ð                   :0-based indices of elements of U that are truthy under
 Ê                  :  Factorial
  ï                 :Cartesian product with itself
    æ               :First element/pair that returns true when
     È              :Passed through the following function
      r             :  Reduce by
       õ            :    Inclusive range
         x          :  Reduce by addition after
          gU        :    Indexing each into U
             ¶V     :  Is equal to V?

R 4.1, 78 bytes 71 bytes 65 bytes

v1.2 65 bytes

-5 bytes thanks to pajonk:

  1. -4 for pointing out that F <- F + 1;k <- m[, F];sum(s[k:k[2]]) can be expressed as sum(s[(k <- m[, F <- F + 1]):k[2]]). This also means you can lose the curly braces as the expression is on one line, and you do not need semi-colons.
  2. -1 because while(a!=b) can actually be expressed as while(a-b). This is safe as negative numbers are also TRUE when coerced to logical.

(And also -1 byte by pointing out I had miscounted.)


[Attempt This Online!]https://ato.pxeger.com/run?1=m72waMGSNAUb3aWlJWm6FjcdYzSKdfJ0cm2T83OT8jSKUws1ijV1jDQ1q8szMnNSNYpLczWKozWybXOjddxsdN20DWM1rbKjjWJjNXXzNA24smuhBrkpK4SkFpcoJCcWpxZzpWkYWlnqKBgaaAKZRakFGiZgjo6CsZEmXNIUQ9JYE2LaggUQGgA)

v 1.1 71 bytes


-7 bytes thanks to Giuseppe

Two changes:

  1. Not replacing seq() with the unary - as it's only being used once (I was using it twice before and failed to notice that was no longer the case).

  2. Replacing j with F is yet another ludicrous thing that R allows you to do that I would never have tried in the vein of these coercion tips by @rturnbull (link from Giuseppe - thanks). For non-R uses, T and F are built-in aliases for TRUE and FALSE. This means you can do this:

F  <- F+1

I have no idea why this is allowed in R but it's saved 5 characters compared with initialising j.

v.1.0 78 bytes


Attempt this online


This is a function which expects a vector, s and a target value n, as arguments. Basically it does this:

  1. Uses combn() to create a m, a matrix of all possible length 2 combinations of the indices of s. E.g. combn(1:5,2) produces:
     [,1] [,2] [,3] [,4] [,5] [,6] [,7] [,8] [,9] [,10]
[1,]    1    1    1    1    2    2    2    3    3     4
[2,]    2    3    4    5    3    4    5    4    5     5
  1. Loops through the columns of this to subset s, using row 1 as the start index and row 2 as the end index.

  2. Breaks the loop if the subset adds up to n. It exits with an error if there is no solution. I wasn't entirely clear if an error counts as a constant, but this nice Python answer behaves in the same way, which I took as a green light.

  3. There are a couple of golfing tricks both from Giuseppe. Taking advantage of how seq(s) behaves if s is a vector and reassigning the unary - with `-` = seq, means we can do m = combn(-s, 2) instead of the positively verbose m = combn(seq_along(s), 2).

The test cases are included in the footer of ATO link. Only my second Code Golf answer ever so very interested in any suggestions / improvements.

  • 1
    \$\begingroup\$ As nice as the seq trick is, it's shorter to just use it directly since you're only using it once, so combn(seq(s),2), and using F instead of j should save another few: ATO \$\endgroup\$
    – Giuseppe
    Commented Jan 11, 2023 at 15:19
  • \$\begingroup\$ @Giuseppe you're right! I was using it twice in a previous version. I had no idea you could increment T and F like that. So on the first iteration of the loop, F==FALSE is FALSE and F==TRUE is TRUE. That is truly bonkers. Thanks for the suggestions. \$\endgroup\$
    – SamR
    Commented Jan 11, 2023 at 15:26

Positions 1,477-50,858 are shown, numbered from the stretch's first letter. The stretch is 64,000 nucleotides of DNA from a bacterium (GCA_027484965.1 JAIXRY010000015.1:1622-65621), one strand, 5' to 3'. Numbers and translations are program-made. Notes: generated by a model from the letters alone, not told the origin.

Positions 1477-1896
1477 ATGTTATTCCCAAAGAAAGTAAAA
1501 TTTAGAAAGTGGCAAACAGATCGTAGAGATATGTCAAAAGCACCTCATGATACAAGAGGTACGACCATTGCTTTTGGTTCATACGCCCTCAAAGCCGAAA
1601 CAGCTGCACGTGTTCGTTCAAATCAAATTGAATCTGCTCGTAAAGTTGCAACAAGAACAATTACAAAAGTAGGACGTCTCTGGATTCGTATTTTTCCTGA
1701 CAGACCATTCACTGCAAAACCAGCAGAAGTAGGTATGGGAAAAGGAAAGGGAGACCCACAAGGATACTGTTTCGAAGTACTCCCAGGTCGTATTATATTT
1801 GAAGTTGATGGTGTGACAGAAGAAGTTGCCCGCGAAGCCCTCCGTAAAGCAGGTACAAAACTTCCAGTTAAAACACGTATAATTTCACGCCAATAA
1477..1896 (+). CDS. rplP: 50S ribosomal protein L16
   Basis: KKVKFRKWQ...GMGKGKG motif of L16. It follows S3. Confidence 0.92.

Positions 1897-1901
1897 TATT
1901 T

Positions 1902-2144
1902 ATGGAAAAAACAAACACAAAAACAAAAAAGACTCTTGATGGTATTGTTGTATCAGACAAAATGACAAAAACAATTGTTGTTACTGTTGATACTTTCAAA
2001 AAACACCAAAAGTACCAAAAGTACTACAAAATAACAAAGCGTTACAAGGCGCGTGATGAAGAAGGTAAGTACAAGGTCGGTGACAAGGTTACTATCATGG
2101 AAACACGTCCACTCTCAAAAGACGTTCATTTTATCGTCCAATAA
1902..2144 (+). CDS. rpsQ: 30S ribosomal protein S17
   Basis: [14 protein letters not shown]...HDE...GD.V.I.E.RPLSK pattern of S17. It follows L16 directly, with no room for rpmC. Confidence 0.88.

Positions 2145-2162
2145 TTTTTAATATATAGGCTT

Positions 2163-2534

• \$\begingroup\$ Yes, F is initialized to FALSE which gets coerced to a numeric (specifically, 0) when you do the addition; similarly, T is initialized to TRUE which converts to 1 when you do arithmetic. This tip has some additional examples of implicit type conversions, but there are others; notably F and T will coerce to "FALSE" and "TRUE", respectively, when converted to a character \$\endgroup\$
    – Giuseppe
    Commented Jan 11, 2023 at 15:30
  • 1
    \$\begingroup\$ 1. I think your solution is actually 70 bytes. 2. 66 bytes by inlining what's possible and getting rid of semicolons and braces. \$\endgroup\$
    – pajonk
    Commented Aug 21, 2023 at 18:26
  • 1
    \$\begingroup\$ Another -1 byte by replacing != with - -- sorry I missed it the in the previous golf. \$\endgroup\$
    – pajonk
    Commented Aug 22, 2023 at 4:46

Perl 5 List::Util, 82 bytes

sub{$s=pop;($i,$j)=($_%@_,int$_/@_),$s-sum(@_[$i..$j])||return($i,$j)for 0..@_*@_}

Try it online!

  • 1
    \$\begingroup\$ -13 bytes using nested for syntax \$\endgroup\$ Commented Jan 10, 2023 at 16:59
  • 1
    \$\begingroup\$ otherwise another 71 bytes with a regex, if 1-based indexing accepted for the end \$\endgroup\$ Commented Jan 10, 2023 at 17:02
  • \$\begingroup\$ @NahuelFouilleul – I was sure one for would be shorter than two. But there you go :-) \$\endgroup\$
    – Kjetil S
    Commented Jan 10, 2023 at 20:33
  • \$\begingroup\$ @NahuelFouilleul – Nice, I thought about regex but not this inner (??{}) magic. Your answer can be shortened to 62 bytes. \$\endgroup\$
    – Kjetil S
    Commented Jan 10, 2023 at 20:56

Pyth, 18 bytes


Try it online!

Takes n, sequence as separate inputs. Outputs [start, end] or an index error if no sequence exists.


                      # implicitly assign Q = eval(input())
KE                    # assign K = eval(input())
              ^  2    # cartesian product of two copies of
               UK     # range(len(K))
   f                  # filter this on lambda T
      s               #   sum of
       :KhTheT        #   slice K from first element of product to second element plus 1
    qQ                #   equals Q
  h                   # take the first element (this will give us the indices if they exist or an index error if they don't)

Jelly, 12 bytes


Try it online!

Full program, that takes a list of digits and an integer \$n\$, and outputs the 1-indexed indices, or 0 if there's no solution.

How it works

Jṗ2r/ị³S=ʋƇḢ - Main link. Takes a list of digits D on the left, and n on the right
J            - Indices; [1, 2, ..., len(D)]
 ṗ2          - Cartesian square
         ʋƇ  - Filter the indices on the dyad f([i, j], n):
   r/        -   Range; [i, i+1, ..., j-1, j]